South Korean artist JIHI creates mixed media images on panel which, at first glance, seem to be simple, graffiti-like characters. These humble forms combine to create an allegory full of highly implicit symbols. Utilising this light and bright formative language, she explores the heavy theme of lonely human alienation and crooked social reality.
Complex concepts of personal interaction are reduced to symbols and patterns, a dialogue of colour and form. The worlds portrayed in these spaces echo with contemporary communication; shapes relay and repeat one another as if in conversation. They are functional and impersonal. Narrative is inferred and imagination aroused through short segments of text amongst the repeated symbols. Amorphous patterns of block colour cluster and disperse, as though reacting to the symbols as a person to a text message.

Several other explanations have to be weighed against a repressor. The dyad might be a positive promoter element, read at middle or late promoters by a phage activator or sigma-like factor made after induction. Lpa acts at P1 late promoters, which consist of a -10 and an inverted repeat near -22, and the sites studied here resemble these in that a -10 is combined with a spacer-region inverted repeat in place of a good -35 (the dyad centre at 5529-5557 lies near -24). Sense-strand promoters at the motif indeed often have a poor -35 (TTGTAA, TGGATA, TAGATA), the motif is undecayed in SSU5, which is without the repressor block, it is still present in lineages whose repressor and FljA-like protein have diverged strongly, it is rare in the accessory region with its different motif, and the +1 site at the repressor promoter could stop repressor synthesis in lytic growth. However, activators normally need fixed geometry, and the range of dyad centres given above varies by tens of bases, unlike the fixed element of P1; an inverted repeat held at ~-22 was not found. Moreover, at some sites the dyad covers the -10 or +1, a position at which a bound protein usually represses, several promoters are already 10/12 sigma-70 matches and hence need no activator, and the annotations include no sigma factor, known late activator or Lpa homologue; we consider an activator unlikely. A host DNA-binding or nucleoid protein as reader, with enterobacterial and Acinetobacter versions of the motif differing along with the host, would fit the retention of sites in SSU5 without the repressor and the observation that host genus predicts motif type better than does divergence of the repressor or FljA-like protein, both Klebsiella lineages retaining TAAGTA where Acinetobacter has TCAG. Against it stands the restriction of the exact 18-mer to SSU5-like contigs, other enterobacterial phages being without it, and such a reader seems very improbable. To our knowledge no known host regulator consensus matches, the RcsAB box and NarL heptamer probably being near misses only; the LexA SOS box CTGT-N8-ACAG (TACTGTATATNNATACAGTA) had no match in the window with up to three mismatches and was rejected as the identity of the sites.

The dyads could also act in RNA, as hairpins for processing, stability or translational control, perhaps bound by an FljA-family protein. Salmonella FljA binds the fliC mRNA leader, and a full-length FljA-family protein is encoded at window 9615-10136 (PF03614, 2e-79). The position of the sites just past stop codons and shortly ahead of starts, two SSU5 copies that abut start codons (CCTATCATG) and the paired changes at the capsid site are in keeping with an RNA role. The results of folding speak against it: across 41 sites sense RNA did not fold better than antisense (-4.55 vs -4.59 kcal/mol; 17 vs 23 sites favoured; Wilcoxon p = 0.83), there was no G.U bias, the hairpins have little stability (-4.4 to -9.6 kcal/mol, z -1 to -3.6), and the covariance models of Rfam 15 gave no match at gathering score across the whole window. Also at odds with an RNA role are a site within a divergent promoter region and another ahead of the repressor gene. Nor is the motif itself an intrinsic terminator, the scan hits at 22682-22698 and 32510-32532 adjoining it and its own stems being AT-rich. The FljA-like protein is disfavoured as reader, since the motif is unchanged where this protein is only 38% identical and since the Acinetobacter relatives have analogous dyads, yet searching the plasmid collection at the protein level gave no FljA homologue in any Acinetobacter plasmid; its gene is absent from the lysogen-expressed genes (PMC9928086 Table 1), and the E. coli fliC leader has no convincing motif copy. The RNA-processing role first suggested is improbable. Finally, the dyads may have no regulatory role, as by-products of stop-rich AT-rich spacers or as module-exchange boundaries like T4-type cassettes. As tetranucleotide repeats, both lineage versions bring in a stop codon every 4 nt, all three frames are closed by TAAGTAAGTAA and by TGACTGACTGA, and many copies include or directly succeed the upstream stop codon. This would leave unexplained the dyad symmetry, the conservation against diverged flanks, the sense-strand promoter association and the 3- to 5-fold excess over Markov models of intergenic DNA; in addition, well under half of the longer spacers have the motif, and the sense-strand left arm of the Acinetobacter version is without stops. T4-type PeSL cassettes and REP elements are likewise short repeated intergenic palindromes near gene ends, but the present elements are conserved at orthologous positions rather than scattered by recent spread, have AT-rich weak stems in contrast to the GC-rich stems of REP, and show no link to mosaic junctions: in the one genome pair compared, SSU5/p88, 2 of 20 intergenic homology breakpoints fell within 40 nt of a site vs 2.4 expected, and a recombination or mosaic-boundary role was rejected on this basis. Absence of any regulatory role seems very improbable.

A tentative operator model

Allusions to the work of Keith Haring and contemporary pop art can be felt, as JIHI carves an immediately distinctive alphabet of fluid symbols to convey her messages. We ask ourselves if these works are an insightful critique of modern interaction, or a celebration of connectivity.
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